see the academic and administrative titles on the capitalization page for guidance.
Please refer to the quote attribution and degree format for guidance on current students and alumni.
Proper event names must be capitalized. in limited cases, college marketing may also italicize events as needed.
note: quotation marks can only be used when capitalization and italics cannot satisfy the need for technical or aesthetic reasons.
titles of books, newspapers, magazines, plays, newspapers and independent publications
Titles of books, journals, magazines, plays, periodicals, and independent publications are italicized when cited in the text or bibliography. always retain the original spelling, hyphenation, capitalization, and punctuation.
David McCullough’s best-selling biography, John Adams, was recently made into a television miniseries.
gets most of its news from time magazine and the new york times.
union symbols may be changed at and with editorial discretion.
additional book rules
titles of series or book editions are capitalized but not italicized.
parts of a book
When referring to parts of a book (foreword, foreword, appendix, chapter, etc.), use lowercase.
titles of articles, chapters, poems and short works
The titles of articles, chapters, poems and short works are written in roman letters and enclosed in quotation marks. if quotes are used in the original titles, then the single quotes should be replaced.
for attribution, format as follows:
#11 best city in the country for stargazing
see quote attribution and headline formatting for more information on attribution.
cinema, television and radio
Movie, TV and radio show titles are in italics. a single episode is in quotes.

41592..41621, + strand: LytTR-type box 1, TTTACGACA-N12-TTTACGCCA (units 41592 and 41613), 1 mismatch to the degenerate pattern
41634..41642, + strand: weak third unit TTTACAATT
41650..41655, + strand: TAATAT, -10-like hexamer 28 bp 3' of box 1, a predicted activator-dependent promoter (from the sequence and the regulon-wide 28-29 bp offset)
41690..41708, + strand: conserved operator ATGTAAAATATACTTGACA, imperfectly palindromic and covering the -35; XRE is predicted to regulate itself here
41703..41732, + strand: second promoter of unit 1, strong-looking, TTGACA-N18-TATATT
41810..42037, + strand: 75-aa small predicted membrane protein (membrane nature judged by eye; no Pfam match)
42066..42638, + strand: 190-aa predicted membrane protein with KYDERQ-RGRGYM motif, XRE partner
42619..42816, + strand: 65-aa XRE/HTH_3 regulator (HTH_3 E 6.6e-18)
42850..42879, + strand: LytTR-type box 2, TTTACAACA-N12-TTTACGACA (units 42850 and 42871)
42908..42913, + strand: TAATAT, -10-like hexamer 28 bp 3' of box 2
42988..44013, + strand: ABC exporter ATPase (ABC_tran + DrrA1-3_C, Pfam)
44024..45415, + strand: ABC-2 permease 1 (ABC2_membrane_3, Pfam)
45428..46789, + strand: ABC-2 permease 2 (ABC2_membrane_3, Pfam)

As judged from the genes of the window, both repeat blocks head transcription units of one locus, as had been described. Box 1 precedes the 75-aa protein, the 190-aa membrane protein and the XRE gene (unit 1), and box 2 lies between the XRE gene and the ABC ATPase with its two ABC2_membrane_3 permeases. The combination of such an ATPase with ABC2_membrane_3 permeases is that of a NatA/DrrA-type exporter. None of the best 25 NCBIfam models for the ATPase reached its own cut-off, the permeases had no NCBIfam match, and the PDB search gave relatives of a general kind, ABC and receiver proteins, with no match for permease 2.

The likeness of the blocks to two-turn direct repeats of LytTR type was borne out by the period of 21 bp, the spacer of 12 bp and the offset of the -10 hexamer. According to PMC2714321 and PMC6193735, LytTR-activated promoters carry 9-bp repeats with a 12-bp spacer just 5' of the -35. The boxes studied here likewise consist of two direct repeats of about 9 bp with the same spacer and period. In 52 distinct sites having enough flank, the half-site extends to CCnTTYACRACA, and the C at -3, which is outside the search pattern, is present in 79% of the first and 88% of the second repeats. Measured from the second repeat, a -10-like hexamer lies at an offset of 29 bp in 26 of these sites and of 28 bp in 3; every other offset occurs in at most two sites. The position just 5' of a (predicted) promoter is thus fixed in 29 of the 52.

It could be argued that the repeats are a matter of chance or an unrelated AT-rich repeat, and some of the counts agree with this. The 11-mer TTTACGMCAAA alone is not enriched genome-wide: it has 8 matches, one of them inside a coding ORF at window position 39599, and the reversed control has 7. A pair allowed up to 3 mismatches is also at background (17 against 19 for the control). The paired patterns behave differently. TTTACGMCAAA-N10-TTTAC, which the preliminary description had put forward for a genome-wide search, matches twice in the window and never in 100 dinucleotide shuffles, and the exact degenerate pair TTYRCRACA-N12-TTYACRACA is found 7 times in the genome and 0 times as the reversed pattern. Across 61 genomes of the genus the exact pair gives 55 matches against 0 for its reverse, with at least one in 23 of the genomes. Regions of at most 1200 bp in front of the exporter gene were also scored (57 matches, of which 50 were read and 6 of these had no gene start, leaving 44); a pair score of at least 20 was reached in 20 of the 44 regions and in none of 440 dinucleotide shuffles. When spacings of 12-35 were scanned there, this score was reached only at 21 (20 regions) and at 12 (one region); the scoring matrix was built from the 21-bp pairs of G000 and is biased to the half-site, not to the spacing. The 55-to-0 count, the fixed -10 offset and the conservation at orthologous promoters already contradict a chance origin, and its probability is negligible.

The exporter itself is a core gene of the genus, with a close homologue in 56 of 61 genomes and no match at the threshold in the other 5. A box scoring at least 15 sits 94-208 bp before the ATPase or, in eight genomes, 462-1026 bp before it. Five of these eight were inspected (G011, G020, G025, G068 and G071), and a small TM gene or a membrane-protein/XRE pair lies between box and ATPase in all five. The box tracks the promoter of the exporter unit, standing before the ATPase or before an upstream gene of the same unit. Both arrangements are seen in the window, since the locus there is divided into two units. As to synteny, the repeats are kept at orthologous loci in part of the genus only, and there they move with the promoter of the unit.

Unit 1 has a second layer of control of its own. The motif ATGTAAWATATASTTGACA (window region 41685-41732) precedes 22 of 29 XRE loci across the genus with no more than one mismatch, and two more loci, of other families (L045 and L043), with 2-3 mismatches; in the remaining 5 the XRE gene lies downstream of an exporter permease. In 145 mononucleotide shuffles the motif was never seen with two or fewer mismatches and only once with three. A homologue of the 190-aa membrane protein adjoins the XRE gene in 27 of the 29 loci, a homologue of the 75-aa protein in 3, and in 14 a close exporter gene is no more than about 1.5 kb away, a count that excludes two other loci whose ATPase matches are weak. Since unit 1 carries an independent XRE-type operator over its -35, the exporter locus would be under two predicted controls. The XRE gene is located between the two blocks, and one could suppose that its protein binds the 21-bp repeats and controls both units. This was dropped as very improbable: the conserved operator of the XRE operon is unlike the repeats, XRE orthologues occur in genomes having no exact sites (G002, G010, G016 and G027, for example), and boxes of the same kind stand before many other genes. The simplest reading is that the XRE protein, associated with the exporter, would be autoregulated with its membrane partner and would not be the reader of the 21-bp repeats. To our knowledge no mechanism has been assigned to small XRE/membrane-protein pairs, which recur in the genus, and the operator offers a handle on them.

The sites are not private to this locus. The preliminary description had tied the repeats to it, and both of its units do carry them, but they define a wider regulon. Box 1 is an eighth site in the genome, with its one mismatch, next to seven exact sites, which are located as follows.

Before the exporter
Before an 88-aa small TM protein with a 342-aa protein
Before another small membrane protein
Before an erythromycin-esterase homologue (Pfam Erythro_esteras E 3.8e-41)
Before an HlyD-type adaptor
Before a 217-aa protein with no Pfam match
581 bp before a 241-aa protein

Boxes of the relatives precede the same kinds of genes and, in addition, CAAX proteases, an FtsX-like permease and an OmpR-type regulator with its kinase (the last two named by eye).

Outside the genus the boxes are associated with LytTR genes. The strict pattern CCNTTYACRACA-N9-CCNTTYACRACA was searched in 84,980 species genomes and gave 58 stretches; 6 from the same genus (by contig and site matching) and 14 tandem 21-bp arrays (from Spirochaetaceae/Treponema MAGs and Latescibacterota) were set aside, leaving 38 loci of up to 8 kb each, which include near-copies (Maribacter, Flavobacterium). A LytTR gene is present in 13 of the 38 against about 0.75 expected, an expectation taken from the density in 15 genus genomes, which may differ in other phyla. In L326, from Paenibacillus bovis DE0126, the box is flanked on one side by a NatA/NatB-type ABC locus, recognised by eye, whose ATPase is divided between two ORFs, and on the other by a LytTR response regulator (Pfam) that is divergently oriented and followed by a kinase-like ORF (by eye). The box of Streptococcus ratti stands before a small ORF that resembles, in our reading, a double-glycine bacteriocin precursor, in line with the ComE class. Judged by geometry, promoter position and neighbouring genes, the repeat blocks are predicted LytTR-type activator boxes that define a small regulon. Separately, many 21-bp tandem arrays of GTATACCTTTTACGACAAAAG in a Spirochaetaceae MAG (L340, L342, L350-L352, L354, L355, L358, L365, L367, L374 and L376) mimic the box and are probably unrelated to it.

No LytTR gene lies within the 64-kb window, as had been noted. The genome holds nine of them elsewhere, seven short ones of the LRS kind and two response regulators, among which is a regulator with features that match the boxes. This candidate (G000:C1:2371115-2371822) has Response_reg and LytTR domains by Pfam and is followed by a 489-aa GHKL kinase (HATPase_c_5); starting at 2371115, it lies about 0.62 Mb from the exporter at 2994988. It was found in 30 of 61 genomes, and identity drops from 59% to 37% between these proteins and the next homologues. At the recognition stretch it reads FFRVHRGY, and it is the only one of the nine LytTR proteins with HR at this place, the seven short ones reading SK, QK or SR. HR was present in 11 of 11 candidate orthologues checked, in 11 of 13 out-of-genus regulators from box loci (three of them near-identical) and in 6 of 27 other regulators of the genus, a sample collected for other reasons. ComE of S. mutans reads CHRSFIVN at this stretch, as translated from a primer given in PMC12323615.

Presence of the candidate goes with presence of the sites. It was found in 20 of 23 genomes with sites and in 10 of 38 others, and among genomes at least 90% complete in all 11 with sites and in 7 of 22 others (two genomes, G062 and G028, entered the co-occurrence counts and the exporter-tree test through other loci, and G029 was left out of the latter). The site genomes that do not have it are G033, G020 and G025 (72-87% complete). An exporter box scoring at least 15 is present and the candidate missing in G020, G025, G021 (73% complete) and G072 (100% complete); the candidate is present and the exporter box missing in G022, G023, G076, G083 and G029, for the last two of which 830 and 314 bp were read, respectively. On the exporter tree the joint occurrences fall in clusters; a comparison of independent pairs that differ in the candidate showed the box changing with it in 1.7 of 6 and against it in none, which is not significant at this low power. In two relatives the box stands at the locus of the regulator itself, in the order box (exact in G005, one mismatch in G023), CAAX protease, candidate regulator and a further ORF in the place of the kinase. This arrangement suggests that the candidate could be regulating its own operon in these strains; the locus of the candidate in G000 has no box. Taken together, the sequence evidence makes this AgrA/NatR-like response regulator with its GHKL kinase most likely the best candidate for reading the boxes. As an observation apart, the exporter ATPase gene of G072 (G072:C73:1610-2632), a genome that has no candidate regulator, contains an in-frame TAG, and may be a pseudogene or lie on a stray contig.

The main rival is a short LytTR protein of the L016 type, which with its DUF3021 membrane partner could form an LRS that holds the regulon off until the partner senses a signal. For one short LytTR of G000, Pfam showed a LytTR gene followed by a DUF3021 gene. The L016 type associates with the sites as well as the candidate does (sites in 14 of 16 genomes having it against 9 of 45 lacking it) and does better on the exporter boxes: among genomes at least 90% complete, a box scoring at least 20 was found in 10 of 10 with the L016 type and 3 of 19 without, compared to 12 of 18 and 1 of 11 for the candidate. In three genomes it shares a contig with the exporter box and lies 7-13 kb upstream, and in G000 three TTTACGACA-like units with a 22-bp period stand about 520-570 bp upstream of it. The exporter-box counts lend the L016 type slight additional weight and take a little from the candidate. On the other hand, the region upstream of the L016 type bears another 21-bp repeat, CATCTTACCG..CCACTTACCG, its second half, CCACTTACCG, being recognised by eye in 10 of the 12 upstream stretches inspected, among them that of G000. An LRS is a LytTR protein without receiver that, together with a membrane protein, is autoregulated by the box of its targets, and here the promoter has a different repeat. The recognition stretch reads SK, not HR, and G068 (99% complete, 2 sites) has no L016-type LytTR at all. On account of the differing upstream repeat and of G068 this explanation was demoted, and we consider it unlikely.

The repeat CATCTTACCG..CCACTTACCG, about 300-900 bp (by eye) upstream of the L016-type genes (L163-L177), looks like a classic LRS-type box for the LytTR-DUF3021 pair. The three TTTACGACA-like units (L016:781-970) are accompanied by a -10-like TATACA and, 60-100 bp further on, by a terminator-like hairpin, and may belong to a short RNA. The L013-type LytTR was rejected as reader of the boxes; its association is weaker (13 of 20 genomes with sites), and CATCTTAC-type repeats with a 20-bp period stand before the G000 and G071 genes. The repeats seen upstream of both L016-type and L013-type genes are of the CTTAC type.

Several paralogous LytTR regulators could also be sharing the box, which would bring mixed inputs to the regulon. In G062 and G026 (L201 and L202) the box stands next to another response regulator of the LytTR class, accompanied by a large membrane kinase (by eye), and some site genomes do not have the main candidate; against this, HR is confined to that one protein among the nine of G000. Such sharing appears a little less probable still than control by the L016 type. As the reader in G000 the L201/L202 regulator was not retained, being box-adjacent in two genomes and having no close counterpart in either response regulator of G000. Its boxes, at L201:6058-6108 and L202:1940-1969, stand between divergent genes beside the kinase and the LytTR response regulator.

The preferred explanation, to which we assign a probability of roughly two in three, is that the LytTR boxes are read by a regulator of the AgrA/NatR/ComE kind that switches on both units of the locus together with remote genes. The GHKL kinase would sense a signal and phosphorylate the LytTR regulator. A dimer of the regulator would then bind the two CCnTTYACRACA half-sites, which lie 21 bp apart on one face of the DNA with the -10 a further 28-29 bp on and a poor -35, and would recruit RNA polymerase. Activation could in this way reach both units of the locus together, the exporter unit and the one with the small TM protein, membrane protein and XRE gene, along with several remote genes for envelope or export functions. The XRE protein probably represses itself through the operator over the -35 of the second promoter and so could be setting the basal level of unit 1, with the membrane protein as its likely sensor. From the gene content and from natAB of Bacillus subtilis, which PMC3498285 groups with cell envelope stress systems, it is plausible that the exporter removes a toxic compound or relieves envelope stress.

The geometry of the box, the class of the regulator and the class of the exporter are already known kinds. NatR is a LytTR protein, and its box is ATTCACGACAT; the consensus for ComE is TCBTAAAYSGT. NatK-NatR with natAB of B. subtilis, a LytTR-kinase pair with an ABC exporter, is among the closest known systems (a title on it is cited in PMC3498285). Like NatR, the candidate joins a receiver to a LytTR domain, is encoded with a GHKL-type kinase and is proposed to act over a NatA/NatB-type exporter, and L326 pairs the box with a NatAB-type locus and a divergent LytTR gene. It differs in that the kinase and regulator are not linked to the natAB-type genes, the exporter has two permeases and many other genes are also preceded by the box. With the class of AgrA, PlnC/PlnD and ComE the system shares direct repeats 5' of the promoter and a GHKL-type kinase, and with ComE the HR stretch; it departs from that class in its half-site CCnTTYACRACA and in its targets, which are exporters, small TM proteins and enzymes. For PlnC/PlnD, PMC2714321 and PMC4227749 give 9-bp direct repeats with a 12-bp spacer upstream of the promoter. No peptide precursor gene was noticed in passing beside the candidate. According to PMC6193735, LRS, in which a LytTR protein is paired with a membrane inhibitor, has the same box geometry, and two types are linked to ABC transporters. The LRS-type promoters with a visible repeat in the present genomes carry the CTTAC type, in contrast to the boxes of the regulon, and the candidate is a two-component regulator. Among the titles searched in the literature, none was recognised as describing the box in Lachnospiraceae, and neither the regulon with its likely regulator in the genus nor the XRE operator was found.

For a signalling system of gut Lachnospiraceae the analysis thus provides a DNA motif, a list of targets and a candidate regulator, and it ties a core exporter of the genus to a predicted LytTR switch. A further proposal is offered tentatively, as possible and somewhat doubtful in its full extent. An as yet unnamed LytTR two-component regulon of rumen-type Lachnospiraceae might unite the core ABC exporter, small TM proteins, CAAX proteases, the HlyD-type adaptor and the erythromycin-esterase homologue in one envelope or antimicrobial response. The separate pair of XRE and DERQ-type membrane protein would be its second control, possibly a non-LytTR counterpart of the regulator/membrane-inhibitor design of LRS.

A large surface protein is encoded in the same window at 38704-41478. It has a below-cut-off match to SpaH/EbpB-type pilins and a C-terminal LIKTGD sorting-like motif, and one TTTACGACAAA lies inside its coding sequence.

formal names of broadcast channels and networks are capitalized:
- The Discovery Channel offers a variety of programs ranging from health to the environment.
- He often watches Oxygen Central and Comedy.
names of operas and musicals are in italics. individual songs and arias are put in quotes:
- handel’s messiah includes the well-known “hallelujah” chorus.
- “oh, what a beautiful morning” is performed in the opening scene of the rodgers and hammerstein musical, oklahoma!
album/cd recording names are in italics. individual songs are enclosed in quotes.
Instrumental music such as symphonies, quartets, rhapsodies, etc., which also include a number or key signature in the title, should be capitalized but not italicized. descriptive titles of the same work may be italicized. note: the number (no.) or opus (op.) of the work must remain in lowercase.
- the symphony no. 3; or third symphony; or Eroica Symphony
- Nocturne in E flat major by Chopin
- Etude in G minor, Op. 33
quote attribution and headline formatting
Be sure to use an en dash (-) with a space after it to introduce all testimonials and cite attribution lines. citation attribution lines should always be italicized on a separate line below the citation. always use an en dash (-) with spaces on both sides to differentiate between a grade name and an emphasis name.
Follow these same general guidelines when executing text, but without hyphens or leading italics. limited exceptions can be made in small spaces where short copy is required, including de-emphasis and minor names where necessary.
current university student:
– first name last name, grade – emphasis major name with minor in minor
current grad student or other:
– first name last name, pursuing a master’s degree, doctorate, graduate certificate or degree approval name – name with emphasis
– first name last name, bs degree first name, ’year
– first name last name, title, department, university
notes and exceptions
- be sure to use a proper curved apostrophe before the year of graduation.
- always use “honors” before the title name for current honors students:
- marie curie, honors chemistry – american chemical society – comprehensive – certified by the greater american chemical society
- araceli Hermoso-palacios, graduate secondary education certificate undergraduate certificate, ’18
treat a reference website as you would an authoritative book or other source material: in italics.
always omit the http://www; is unnecessary and clutters the text.
For more information on how to format a website, see the address page.
works of art
names of paintings, sculptures and statues are in italics.
Photographs are in quotes.
cartoons and comics are in italics.